With the color runs done for the bargello quilt, it’s time to start cutting out the strips for the quilt top. On one hand, it sounds simple: the pattern from the book tells me the widths I need for each piece… I just need to cut, right? But, in practice, the color shift across the quilt, combined with my plans to insert the purple “pop” pieces meant graphing it all out was a superb idea—and also the next step in my homework, along with starting to sew the pieces together.
Seam alignment and graphing
My teacher suggested using Microsoft Excel or a similar program to graph it all out, so I started with that, but it wasn’t lining up in a way that made sense. When cutting and piecing together your strips for Bargello, you have two basic choices: line the horizontal seams up, or stagger them. The quilt pattern I’m using is a staggered pattern (think brick laying)—so when I blocked it all out in a spreadsheet, everything was misaligned. Working from a pattern that is not staggered would have severely thrown off my piecing, since it changes the starting color of each row.
Plan two, which I should have done in the first place (considering it is what I’ve done in the past) was to open up Adobe Illustrator and block it out in that program. (Your mileage—especially if you’re not familiar with the program—may vary.)
Here’s what I came up with.
The first image has no color shifting. The second is the result straight from the instructions. Before deciding to use the pattern as-is from the book (well, prior to purple-izing it), I spent some time playing around with the color shifting as well. It’s quite simple to just swap the color of the blocks, although the color is clearly a poor substitution for the actual fabrics.
Adding the purple twist
Once I had a good graph of the color run cutting and color shifting, it was time to plan out my purple accent rows. This required a lot more playing. I knew that I wanted to do a competing curve rather than simply follow the existing ones. Ultimately, I decided on this structure:
When the curve directly mirrors the main curve, adding in my accents simply requires swapping out blocks. However, when the curve happens to correlate with the main curve, that approach will result in the purple completely taking over another color for a few blocks, which I didn’t want. This results in some trickier half-block replacements in certain rows. Having this graph to guide me is immensely useful.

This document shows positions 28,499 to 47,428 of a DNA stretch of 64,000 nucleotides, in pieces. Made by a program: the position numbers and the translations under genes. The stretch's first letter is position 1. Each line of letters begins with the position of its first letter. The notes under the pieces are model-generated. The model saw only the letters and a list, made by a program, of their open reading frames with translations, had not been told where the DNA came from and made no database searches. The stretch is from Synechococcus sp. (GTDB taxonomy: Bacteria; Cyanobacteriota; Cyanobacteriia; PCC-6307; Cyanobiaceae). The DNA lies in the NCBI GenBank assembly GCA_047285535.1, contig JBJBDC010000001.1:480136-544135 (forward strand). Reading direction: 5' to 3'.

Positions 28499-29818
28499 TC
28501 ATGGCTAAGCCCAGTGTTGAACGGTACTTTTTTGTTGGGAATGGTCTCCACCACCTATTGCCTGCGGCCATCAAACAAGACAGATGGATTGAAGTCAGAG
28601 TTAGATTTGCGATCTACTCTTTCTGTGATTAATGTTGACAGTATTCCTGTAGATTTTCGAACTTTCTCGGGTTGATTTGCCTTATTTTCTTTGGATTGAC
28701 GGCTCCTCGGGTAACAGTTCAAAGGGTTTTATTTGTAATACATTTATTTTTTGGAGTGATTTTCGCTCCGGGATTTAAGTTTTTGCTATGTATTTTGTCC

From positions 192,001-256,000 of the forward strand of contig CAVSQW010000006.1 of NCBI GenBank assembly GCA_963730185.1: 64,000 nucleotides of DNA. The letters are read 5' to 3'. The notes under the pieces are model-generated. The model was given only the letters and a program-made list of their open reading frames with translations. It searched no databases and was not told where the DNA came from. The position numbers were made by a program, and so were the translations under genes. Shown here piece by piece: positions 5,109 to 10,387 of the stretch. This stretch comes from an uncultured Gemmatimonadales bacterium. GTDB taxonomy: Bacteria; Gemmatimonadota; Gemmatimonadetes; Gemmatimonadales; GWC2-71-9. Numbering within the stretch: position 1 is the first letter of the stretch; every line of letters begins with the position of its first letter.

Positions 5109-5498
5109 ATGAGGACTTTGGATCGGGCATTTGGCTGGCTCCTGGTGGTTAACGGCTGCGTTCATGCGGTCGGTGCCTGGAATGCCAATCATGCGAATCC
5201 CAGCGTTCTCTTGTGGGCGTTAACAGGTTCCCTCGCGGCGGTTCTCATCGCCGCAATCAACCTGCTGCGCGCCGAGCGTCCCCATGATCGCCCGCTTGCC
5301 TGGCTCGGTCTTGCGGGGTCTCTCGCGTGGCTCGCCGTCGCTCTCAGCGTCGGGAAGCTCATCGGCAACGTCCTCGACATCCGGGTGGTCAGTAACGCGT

So, at present, I’m cutting out all of my columns and inserting the color shift blocks and purple accent blocks—which requires a lot of seam ripping. There’s no solid goal for next class—just to have started piecing everything together and to bring in any questions we’ve come up with. Next time I update, I’ll be showing you progress of piecing together the rows.
What tools do you normally use to plan out your quilts (bargello or other)?
Two weeks ago, I showed you my color choices and pattern for the bargello quilt I’m making as part of a bi-weekly class. Our homework before this week’s class was to create our color map and have all of our fabric cut into strips and sewn into color runs for the quilt.
Bargello quilts are made by strip piecing, which means sewing together long strips of fabric, and then cutting the result to create the pieces used in piecing together the quilt. The foundation of the bargello technique is using strip piecing to create color runs: rectangles of fabric made from equal-width strips of your fabric. The color runs are then cut perpendicular to the sewn seams in different widths to create the curves of the quilt.
The pattern I chose has rather tall rows—3″. That means, all of my strips were cut to 3.5″ (for a 1/4″ seam allowance on both sides). Cutting was simple with a rotary cutter, mat and 6×24″ ruler. Then it was time to actually start sewing!